A third of the French suffer from the phobia of the empty smartphone battery, reveals an Opinion Way poll. According to the study, the French fear they will no longer be able to consult social networks, miss an SMS or be deprived of GPS. This phenomenon mainly affects the youngest. To relieve users’ anxieties, phone makers have developed fast charging technologies.
According to an Opinion Way poll, a French political polling and marketing research firm, made for Oppo, a third of the French suffer from the phobia of the empty phone battery. 34% of the people questioned in the framework of the study believe that it is about “the new contemporary phobia ”. As part of the survey, Opinion Way interviewed 1002 individuals representative of the French population through an online questionnaire.
For these French people, the prospect of running out of battery generates real anguish. There are many reasons for this daily stress. Thus, 39% of individuals with a phobia fear missing an important text or phone call. 18% of respondents are afraid of being deprived of GPS and arriving late at their destination. 10% of participants are anxious at the idea of being stranded while their smartphone is charging.
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64% of young French people suffer from the phobia of empty batteries
Finally, 9% of users are rather afraid of missing a last minute change of organization while 5% of respondents panic at the prospect of no longer being able to consult their social networks. Several studies show that the French have become very attached to their social networks. According to Mediamétrie, 24 million French people connect to Facebook every day. The empty smartphone battery can also be used as an excuse. 42% of 18-24 year olds have already assured their interlocutor that their smartphone will run out of battery life to put an end to an unpleasant conversation.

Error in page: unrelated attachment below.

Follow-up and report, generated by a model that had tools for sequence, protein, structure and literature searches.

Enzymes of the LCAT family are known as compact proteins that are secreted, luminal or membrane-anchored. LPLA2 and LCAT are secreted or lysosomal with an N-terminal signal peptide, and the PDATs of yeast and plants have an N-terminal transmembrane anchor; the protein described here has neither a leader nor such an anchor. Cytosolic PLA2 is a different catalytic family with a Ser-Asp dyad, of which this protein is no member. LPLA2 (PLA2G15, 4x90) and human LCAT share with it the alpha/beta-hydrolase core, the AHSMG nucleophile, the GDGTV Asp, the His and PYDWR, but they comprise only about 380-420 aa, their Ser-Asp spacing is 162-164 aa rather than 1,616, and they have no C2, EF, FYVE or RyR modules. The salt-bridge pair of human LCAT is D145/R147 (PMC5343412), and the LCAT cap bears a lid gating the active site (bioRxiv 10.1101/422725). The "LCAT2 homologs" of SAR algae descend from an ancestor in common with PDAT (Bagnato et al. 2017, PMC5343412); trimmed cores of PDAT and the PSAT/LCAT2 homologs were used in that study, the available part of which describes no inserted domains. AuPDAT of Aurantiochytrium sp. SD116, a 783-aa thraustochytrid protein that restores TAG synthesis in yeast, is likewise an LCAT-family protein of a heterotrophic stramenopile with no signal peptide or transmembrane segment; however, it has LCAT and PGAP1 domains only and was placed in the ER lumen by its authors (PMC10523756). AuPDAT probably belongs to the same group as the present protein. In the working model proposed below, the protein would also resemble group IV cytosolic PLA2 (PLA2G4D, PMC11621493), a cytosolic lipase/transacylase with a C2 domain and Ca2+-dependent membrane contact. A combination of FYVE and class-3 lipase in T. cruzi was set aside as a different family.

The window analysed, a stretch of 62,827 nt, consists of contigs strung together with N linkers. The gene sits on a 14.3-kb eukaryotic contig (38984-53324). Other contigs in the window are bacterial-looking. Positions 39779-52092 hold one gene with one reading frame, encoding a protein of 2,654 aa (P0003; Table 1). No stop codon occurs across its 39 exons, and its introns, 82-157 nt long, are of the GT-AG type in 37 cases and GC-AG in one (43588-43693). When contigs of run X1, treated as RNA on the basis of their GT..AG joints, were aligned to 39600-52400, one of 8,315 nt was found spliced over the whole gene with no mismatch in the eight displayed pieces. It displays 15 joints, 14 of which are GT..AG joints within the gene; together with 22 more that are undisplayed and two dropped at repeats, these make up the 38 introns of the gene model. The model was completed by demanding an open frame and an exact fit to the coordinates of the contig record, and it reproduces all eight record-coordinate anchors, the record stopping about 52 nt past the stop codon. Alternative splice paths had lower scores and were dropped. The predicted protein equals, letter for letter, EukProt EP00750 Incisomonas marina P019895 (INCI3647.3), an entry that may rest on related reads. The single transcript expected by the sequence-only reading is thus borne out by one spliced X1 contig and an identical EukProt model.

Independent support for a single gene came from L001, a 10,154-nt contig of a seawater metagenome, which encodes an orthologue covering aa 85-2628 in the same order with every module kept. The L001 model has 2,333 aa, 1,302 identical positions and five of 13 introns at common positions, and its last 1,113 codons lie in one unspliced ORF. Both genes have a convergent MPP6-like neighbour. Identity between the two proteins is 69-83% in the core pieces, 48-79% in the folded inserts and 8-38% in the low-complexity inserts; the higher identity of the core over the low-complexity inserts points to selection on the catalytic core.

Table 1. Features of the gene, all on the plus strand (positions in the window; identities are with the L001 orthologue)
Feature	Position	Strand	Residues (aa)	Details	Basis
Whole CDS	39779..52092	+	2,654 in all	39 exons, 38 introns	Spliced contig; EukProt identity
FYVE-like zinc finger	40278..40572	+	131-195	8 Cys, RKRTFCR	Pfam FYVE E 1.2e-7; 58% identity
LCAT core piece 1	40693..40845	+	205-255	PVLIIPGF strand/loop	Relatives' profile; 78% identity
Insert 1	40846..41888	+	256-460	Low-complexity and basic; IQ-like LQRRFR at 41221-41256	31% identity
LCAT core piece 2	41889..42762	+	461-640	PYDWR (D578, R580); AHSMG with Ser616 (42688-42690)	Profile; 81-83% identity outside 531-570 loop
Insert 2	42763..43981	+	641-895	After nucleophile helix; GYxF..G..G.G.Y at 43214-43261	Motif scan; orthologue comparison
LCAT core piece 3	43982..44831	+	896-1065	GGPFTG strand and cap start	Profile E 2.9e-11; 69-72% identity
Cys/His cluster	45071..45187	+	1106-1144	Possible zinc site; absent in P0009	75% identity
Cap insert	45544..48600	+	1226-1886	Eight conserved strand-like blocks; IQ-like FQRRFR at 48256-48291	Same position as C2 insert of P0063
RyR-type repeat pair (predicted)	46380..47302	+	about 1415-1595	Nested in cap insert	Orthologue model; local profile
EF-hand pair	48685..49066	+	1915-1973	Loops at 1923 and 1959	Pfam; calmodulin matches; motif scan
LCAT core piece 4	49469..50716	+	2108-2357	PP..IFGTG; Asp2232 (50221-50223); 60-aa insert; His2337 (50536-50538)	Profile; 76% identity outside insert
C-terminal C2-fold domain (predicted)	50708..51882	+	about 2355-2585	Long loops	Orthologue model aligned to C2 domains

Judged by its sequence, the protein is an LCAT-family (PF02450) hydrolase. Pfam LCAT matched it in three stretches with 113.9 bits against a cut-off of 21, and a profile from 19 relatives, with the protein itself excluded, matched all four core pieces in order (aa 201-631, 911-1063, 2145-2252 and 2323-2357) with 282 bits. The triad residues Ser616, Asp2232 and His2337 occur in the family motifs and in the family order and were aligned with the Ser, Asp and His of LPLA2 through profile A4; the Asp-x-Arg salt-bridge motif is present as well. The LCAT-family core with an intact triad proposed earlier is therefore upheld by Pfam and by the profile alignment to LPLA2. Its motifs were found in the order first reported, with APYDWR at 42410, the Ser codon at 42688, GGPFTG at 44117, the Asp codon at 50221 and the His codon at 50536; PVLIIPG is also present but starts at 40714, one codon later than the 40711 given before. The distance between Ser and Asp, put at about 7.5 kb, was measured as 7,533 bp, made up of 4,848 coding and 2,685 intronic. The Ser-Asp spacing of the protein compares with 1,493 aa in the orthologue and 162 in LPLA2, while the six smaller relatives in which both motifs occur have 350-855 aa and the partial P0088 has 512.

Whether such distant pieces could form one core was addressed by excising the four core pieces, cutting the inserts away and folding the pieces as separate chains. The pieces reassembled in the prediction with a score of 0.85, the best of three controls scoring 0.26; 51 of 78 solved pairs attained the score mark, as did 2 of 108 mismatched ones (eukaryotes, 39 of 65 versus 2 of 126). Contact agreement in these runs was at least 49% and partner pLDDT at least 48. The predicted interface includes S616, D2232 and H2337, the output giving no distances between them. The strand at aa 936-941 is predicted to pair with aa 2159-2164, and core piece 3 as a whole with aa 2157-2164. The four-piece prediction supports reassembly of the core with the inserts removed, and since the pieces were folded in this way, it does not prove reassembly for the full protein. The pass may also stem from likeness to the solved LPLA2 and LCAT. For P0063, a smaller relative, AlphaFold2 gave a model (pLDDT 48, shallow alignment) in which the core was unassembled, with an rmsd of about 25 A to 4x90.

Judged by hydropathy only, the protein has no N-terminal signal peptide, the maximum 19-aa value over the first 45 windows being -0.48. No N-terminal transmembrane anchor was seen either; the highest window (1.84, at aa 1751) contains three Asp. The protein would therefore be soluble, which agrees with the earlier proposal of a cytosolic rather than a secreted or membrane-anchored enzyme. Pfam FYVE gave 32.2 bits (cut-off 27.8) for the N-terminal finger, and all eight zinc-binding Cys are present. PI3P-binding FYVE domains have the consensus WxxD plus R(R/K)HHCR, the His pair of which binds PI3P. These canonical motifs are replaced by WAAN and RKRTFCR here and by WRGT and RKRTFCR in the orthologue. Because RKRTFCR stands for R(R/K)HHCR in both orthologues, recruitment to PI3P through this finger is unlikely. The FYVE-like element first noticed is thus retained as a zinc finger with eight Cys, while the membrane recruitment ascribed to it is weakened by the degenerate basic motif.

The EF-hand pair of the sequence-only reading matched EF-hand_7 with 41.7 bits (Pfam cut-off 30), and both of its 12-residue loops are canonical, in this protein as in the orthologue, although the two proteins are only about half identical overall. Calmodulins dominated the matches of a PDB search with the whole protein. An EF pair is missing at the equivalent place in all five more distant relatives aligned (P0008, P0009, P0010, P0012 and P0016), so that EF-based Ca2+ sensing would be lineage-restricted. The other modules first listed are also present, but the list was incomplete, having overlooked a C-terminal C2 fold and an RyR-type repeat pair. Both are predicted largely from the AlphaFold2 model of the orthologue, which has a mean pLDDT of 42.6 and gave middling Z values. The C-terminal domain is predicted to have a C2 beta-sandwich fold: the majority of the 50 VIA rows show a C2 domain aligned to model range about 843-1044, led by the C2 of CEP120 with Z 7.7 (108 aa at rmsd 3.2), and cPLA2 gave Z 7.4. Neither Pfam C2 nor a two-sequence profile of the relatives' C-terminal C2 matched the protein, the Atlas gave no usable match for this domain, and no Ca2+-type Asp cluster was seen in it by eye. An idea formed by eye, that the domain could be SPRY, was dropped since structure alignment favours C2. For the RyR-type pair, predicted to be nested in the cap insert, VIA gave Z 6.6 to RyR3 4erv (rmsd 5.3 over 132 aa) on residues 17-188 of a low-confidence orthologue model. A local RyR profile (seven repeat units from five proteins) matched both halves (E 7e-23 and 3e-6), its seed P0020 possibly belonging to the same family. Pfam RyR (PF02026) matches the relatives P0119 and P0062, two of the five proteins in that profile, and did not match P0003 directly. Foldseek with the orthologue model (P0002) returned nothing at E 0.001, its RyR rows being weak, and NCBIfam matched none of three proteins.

As you might expect, the phobia of the battery affects young people more. 64% of 18-24% feel a strong anxiety that their phone is running out of juice. Moreover, 42% of young people surveyed admit to preferring to be late rather than leaving home with a battery that is not recharged. Note that 53% of respondents aged 25 to 34 suffer from the same phobia. A third (34%) of 35-49 year olds still say they are concerned about the autonomy of their mobile phone. Executives and CSP + are the most affected by this new phobia. 40% of executives admit to being anxiouss the idea of their smartphone falling flat during the day. On the other hand, only 73% of inactive people feel stress at the prospect of being deprived of a telephone.
The French suffer from the FOMO phenomenon
Asked by our colleagues from Le Parisien, Michael Stora, founder of the Observatory of Digital Worlds in Human Sciences, deciphers the results of this study. “The smartphone is a wireless blanket and its overuse alleviates our concerns and our natural incapacity to be alone. Seeing his battery decrease is like a child who sees that there is only one page left of the book to read or that his blanket is taken away, it creates a real anguish that refers to the traumas of early childhood ” explains Michael Stora. The expert also points the finger the FOMO phenomenon (from English: fear of missing out, “fear of missing something”). This social anxiety arose at the start of the 21st century. It is characterized by the irrational fear of missing out on an important event or occasion.
As we suspected, Oppo commissioned this Opinion Way study in order to highlight the fast charging technology of its smartphones. “Charging speed is key, it is also one of the three criteria for selecting a smartphone, along with speed and battery life” explains David Chauvaud, product manager at OPPO France. Under these conditions, the Chinese manufacturer has developed several charging technologies, including Flash Charge. Not yet available on the market, this 125W quick charge can recharge a 4000 mAh battery in just 20 minutes. On the Oppo Find X2 Pro in particular, Oppo includes the Super VOOC 2.0 65W. According to our test, it takes less than 40 minutes for a full charge. Is it fast enough to relieve the anxieties of the French? We await your opinion in the comments.
Source: The Parisian